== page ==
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Neurobiological Mechanisms of Memory Loss in Alzheimer's Disease

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Studying the underlying causes of memory loss

Alzheimer's disease is the leading cause of dementia. It presents an enormous medical, social, and economic challenge to Europe.


To address this problem, the 'Neurobiological mechanisms of memory loss in Alzheimer's disease' (MEMOLOAD) project focused on the molecular and biological mechanisms underlying memory loss. There is growing evidence that amyloid-beta peptide (Abeta) causes memory loss by directly or indirectly interacting with the signalling pathways involved in memory consolidation. A consortium of the seven best available research groups worked together to identify at the molecular level how accumulation of Abeta impairs the flexibility, or plasticity, of brain synapses that results in memory loss. Secondly, the consortium is developing new peptidomimetric molecules that disrupt Abeta proliferation. Researchers began by developing behavioural tasks sensitive to small changes in synaptic signalling and plasticity in the cerebral cortex and hippocampus. All participating laboratories then used these tasks to test the success of drug treatments on Abeta production in transgenic mouse models. Next, the research focus switched from Abeta-induced changes in individual synapses to the impact on large neuronal populations and the entire neural network. Second, acute effects of Abeta on synaptic plasticity were compared to long-term changes in the brain. Finally, brain activity in rodents was measured as they performed a memory task to track changes in network communication. Other experiments aimed at determining the direct and indirect effects of Abeta on two signalling pathways central to memory consolidation, developing synthetic Abeta compounds to be used for further study. The team also synthesised peptides to determine if they inhibit Abeta growth. While these peptides have not proven to be effective, scientists are continuing to look for other compounds. This research has contributed significantly to understanding of brain memory mechanisms. The consortium also has added research tools, including new animal models for testing and imaging methods to screen for Abeta-induced changes. Over time, the hope is to find an effective therapy to halt the disease's progression.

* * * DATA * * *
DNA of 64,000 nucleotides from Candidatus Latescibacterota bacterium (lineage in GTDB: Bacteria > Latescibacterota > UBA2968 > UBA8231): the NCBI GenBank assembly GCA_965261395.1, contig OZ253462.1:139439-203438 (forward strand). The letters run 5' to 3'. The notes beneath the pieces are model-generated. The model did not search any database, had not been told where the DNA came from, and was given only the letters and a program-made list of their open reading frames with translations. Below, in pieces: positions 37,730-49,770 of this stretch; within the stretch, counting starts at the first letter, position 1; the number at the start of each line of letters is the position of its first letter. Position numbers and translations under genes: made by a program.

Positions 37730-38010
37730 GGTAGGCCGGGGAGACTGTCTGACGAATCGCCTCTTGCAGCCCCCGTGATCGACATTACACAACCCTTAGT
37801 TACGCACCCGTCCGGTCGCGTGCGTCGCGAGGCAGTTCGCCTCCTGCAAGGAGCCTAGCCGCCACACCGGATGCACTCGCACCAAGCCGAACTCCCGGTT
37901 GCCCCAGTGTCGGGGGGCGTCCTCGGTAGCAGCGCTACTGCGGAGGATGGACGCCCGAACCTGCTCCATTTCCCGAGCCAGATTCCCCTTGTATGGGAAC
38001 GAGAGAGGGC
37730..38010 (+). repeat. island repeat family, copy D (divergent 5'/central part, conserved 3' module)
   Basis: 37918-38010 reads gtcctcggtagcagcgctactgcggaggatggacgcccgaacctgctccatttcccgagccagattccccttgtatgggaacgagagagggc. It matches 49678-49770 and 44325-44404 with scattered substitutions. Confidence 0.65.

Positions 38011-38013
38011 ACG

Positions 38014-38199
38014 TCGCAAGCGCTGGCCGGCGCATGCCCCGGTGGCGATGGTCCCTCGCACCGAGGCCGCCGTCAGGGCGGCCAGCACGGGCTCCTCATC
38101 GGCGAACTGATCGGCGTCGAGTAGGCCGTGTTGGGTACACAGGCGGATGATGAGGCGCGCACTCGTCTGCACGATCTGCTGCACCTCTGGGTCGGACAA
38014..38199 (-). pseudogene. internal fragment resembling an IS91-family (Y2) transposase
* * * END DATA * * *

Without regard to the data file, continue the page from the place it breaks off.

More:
Alzheimer's disease, memory loss, amyloid-beta peptide, Abeta, memory consolidation, signalling pathways

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